Lenses

Shoot with a Zoom Lens in These 7 Photography Instances

Some photographers decry use of the zoom lens and insist that you work with a prime whenever possible. There is no replacement for getting close to your subject for a sharper angle and a frame-filling view, this contingent will argue, and they are partly right. Yet there are many instances when it is appropriate, and even ideal, to shoot with a zoom.

 

Here are just seven of the photography moments that will give you reason to turn to your zoom lens.

 

Fill the frame from far away.

 

The first and most obvious use for your zoom is to fill your frame in moments when you do not have access to physically approach your subject. If you are attending an arts performance or sporting event and lack access to the stage or field, your zoom helps you obtain a shot focused on your person of interest.

Image by Pete Bridgwood

 

Pack light, especially on the road, with your zoom.

 

If you are traveling, then you cannot be bogged down with all of the prime lenses needed for various shots. Carry a zoom instead of multiple primes and enjoy the ease of flying and touring with your lightweight kit.

Image by Patricia Davidson

 

Capture the quick-moving subject.

 

Do you want to take action shots of sprinting athletes or charging animals? These subjects are usually distant from you and are moving fast through your frame. Your zoom lens lets you set up a shot from several metres away and establish your composition by anticipating when the subject will jolt through the frame.

 

Get raw, candid shots.

 

Sometimes the best shots are those you get when your subject is unaware of the camera and you can capture them in their natural, unposed state. Your zoom lens can help you achieve this raw, candid photo by taking them from farther away.

 

Compress your foreground and background.

 

Bring your foreground and background together. Not every shot benefits from visible depth of field between the objects nearest and farthest from your camera. With your zoom, you can establish a telephoto effect, making all objects in your frame appear flatter in their depth.


Image by Jamison Ford

 

Bring the crowd together, and feature a favourite.

 

Street photography of crowds is an especially good time for you to create the telephoto effect with your zoom. The many people in your shot will appear even more huddled because of flattened depth. Experiment with compositions that focus on the entire group and others that highlight one face.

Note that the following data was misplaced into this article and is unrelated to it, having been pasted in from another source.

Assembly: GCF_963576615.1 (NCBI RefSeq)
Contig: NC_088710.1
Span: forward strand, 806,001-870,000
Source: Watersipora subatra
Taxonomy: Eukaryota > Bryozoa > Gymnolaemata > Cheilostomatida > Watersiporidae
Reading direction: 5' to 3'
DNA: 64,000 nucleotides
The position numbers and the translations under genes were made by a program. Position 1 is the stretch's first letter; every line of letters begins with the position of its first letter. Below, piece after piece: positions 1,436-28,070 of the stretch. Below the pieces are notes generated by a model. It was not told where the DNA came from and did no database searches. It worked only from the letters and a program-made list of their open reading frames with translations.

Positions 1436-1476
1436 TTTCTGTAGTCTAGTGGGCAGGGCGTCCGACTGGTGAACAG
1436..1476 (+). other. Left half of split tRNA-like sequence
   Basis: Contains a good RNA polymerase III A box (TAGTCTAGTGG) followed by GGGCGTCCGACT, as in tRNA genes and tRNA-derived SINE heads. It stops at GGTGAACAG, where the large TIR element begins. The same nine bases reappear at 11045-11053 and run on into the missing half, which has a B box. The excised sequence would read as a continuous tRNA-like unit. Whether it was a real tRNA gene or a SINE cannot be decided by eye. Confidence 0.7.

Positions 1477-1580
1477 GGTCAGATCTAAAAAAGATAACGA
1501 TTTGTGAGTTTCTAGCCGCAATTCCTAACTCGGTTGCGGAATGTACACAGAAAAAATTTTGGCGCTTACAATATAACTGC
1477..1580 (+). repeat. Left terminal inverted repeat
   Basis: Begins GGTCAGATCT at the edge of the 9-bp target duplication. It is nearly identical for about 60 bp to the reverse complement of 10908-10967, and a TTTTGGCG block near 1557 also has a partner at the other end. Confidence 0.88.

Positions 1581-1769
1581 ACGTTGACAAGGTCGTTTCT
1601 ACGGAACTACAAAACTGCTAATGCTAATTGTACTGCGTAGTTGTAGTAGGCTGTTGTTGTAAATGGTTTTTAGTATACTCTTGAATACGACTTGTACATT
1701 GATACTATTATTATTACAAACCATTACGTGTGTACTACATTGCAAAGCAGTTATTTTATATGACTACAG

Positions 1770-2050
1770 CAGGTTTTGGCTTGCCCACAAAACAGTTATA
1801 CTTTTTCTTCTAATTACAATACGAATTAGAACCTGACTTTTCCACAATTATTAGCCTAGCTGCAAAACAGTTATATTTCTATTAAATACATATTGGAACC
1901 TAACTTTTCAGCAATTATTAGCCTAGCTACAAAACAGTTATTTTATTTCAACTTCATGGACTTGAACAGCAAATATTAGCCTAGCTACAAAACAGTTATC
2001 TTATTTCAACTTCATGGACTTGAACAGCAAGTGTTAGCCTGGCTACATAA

Image by Brian Li

 

Flatter your profile subjects.

 

Portrait photography may not seem like the most obvious use for a zoom. But with your zoom you have the option to distance yourself from your subject, giving him or her comfortable space, and get a close shot. It also prevents unfavourable angles, like enlarged noses and chins, from being created when you shoot too close with a prime lens.

 

Of course your zoom is never an excuse for laziness, as some of the prime lens purists fear. Whenever possible, be an agile artist who crouches, slides and approaches to get the perfect angle for the moment.

 

Are you looking for a Fujifilm camera but aren’t sure which one to purchase? Our buying guide helps you determine which one will work best for your photography needs.

2 replies »

  1. Apart from the point about packing light, I think that all the other points here are why we should use a telephoto lens whether it is a zoom or not. They indicate that the shot is taken better from a distance or when the subject is compressed. The real beauty f and reason to use a zoom is versatility – being able to get the wide and tele shot from the same spot.

    Like

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